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Transformation Is My Game: From Corporate Executive To Image Consultant

For as long as I can remember, I’ve been in the corporate world of healthcare. Years ago I participated in clinical research trials in the field of Rheumatolgy. I co-authored many professionally peer-reviewed published articles. I traveled the country with a national Clinical Research Organization auditing trial results. Following that, I served as a Director of Human Resources and have managed a number of medical office practices, small and large, independent and corporate. I’ve served as the Executive Director of one such large multi-specialty medical practice in Phoenix, AZ and as the Director of Physician Operations at a very large national hospital and medical practice corporation. I also did a stint as a trainer in our state’s rural communities, collaborating with government agencies and local coalitions, to build community food gardens in food deserts; improve access to healthcare; and reduce drug dependence.

So, as you can see, I’ve held high-powered, ‘big-girl’ positions. I was fortunate that I had some wonderful mentors, men and women. However, having said that, I also saw, and experienced first-hand, unhealthy competitive behaviors, again from both gender sides.

As I transitioned into my early sixties, after my last corporate position for a large, national health insurer laid off more than 20 of us at differing levels of the organization, I reinvented myself. I have taken many of my experiences and rolled them under my First Impressions Image Consulting umbrella. My goal is to make my clients look great on paper and in person. This is accomplished by creating resumes; improving presentation {body language, eye contact, listening); teaching networking strategies and customer service; coaching proper etiquette and social skills. Having worked in a number of female laden offices, I created a Gossip Avoidance Course. More about gossip later. Two other spokes under my consulting umbrella are wardrobe analysis and closet transformation.

How did I get into fashion, you might wonder?

Long story short, while growing up, my dad was a salesman in an exclusive men’s clothing store in Upstate New York. He taught me a lot about how to treat people. He was a man’s man! His clientele included the Boston Celtics, NY Giants, as well as other athletes and successful businessmen. I worked with him during winter recesses and summer vacations. Eventually the store sold designer women’s wear as well.

My choices were derived from the belief, and seeing first hand, over and over again, the lack of and need for customer service and etiquette in particular. Both, I believe, are sorely lacking in today’s culture…both in work and social situations. Likewise, I’ve seen how detrimental gossip is to individuals and companies as well.

As women, we should be supporting one another. Not tearing each other down. Competition, you ask, isn’t it everywhere? My response is this: there is room in this world for all of us to be successful. Success is based on relationships and as we build our circles of influence, how we treat one another will be the determining factor of our success or failure.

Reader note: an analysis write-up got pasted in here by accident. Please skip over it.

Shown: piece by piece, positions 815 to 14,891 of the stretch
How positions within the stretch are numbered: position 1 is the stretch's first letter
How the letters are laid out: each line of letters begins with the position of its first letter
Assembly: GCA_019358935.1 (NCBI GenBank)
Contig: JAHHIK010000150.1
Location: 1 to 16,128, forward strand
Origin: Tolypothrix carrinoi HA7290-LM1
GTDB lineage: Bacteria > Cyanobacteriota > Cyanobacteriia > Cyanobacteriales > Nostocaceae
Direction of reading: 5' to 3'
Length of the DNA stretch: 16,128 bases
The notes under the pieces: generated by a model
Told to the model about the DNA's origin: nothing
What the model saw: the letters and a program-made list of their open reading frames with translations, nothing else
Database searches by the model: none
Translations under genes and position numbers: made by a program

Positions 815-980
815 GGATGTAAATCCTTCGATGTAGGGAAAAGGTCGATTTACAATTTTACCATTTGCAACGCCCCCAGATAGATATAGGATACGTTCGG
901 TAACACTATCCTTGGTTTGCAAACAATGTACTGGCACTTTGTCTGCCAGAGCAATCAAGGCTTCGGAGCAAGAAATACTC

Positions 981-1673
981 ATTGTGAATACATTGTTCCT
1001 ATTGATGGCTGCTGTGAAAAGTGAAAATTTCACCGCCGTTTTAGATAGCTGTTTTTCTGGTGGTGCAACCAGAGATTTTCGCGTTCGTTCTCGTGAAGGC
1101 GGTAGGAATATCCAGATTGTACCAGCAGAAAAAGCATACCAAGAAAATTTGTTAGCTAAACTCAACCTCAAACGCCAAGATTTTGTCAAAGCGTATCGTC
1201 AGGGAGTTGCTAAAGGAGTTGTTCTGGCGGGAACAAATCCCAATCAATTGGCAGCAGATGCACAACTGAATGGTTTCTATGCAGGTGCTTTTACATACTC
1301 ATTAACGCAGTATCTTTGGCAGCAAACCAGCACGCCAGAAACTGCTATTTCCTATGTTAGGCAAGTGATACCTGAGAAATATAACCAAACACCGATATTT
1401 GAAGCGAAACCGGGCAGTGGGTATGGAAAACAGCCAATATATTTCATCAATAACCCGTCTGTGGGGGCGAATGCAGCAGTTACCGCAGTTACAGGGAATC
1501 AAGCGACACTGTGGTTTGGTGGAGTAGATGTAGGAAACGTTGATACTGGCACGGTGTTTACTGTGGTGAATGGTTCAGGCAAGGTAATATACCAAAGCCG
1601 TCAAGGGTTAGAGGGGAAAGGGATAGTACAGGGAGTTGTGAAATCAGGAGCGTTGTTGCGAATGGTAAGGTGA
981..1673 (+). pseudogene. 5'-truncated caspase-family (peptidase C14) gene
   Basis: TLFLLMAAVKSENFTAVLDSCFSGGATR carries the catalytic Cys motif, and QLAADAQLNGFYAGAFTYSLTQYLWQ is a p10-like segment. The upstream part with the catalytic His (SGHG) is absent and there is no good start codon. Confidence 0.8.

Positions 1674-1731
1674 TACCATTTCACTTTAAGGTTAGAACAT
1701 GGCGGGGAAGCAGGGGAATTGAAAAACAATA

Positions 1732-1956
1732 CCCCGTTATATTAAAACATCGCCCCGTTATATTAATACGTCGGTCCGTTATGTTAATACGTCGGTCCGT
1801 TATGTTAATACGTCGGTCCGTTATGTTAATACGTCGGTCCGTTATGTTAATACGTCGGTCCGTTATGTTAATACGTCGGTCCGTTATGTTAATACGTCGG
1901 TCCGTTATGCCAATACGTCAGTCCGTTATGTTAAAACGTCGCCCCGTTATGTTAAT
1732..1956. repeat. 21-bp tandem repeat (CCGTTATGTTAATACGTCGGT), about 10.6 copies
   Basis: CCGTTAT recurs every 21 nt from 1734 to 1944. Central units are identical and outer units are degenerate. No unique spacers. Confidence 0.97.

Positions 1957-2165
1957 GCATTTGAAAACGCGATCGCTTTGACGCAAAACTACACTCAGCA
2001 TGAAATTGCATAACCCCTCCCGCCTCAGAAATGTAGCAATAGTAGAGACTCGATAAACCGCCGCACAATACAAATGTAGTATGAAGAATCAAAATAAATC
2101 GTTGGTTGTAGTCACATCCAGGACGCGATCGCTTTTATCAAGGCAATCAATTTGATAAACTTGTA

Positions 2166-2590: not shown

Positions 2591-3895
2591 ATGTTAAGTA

As we age, many things change. We gain weight in all the wrong places; our hair changes not only in color, but texture and fullness; we recognize and try to ignore aches and pains; our children move out; we are blessed with grandchildren; we change our work structure (retire, reinvent or otherwise alter our business hours); our income level fluctuates; we downsize; we spend more time with our spouse and/or significant other. And more, much more!

Hopefully we continue to grow as we experience these changes.

For this and future blogs, we will keep our focus on our wardrobe. As we age, and our body changes, so too should what and how we wear clothing, shoes and accessories.

Why lug a large purse and briefcase and negatively impact our shoulders?

Why are we still wearing 4” heels and challenging our balance?

Is our skirt too short showing our varicose veins and bulging knees?

Whether we are still working in an office setting or meeting people for coffee, what does your wardrobe say about you?

We have to be confident and want to be comfortable. Both are possible. We used to talk about the work uniform. It still exists, but not in the same way. If we are more comfortable in slacks than a skirt or dress, it is now acceptable and actually encouraged to be your authentic you. Fortunately today there are few rules; well maybe not! What do you see when you walk into the grocery store? Camisoles passing as tops; flip-flops; low rise pants and mid-riff tops not leaving much to the imagination. I live in Tucson so believe me when I say I understand casual. However I believe there is a vast difference between casual and ‘Did you look in the mirror before leaving your home?’

Many times when I work with a client, I’ve been consulted because the individual has a closet and drawers full of clothes, but says, “I have nothing to wear!”. The reasons are many. Let’s start with the fact that women only wear about 20% of the clothes they own. We buy a piece we love and get it home only to find we don’t know how or what to wear it with. As our body changes, clothing looks different on us. With our busy lives, we often do not mend items that need a button or zipper replaced or a hem repaired. As women we tend to wear the same pieces together. I help my clients mix it up and pair different items. The ultimate outcome is that they double or even triple their outfits without shopping a store online. They shop in their own closet!

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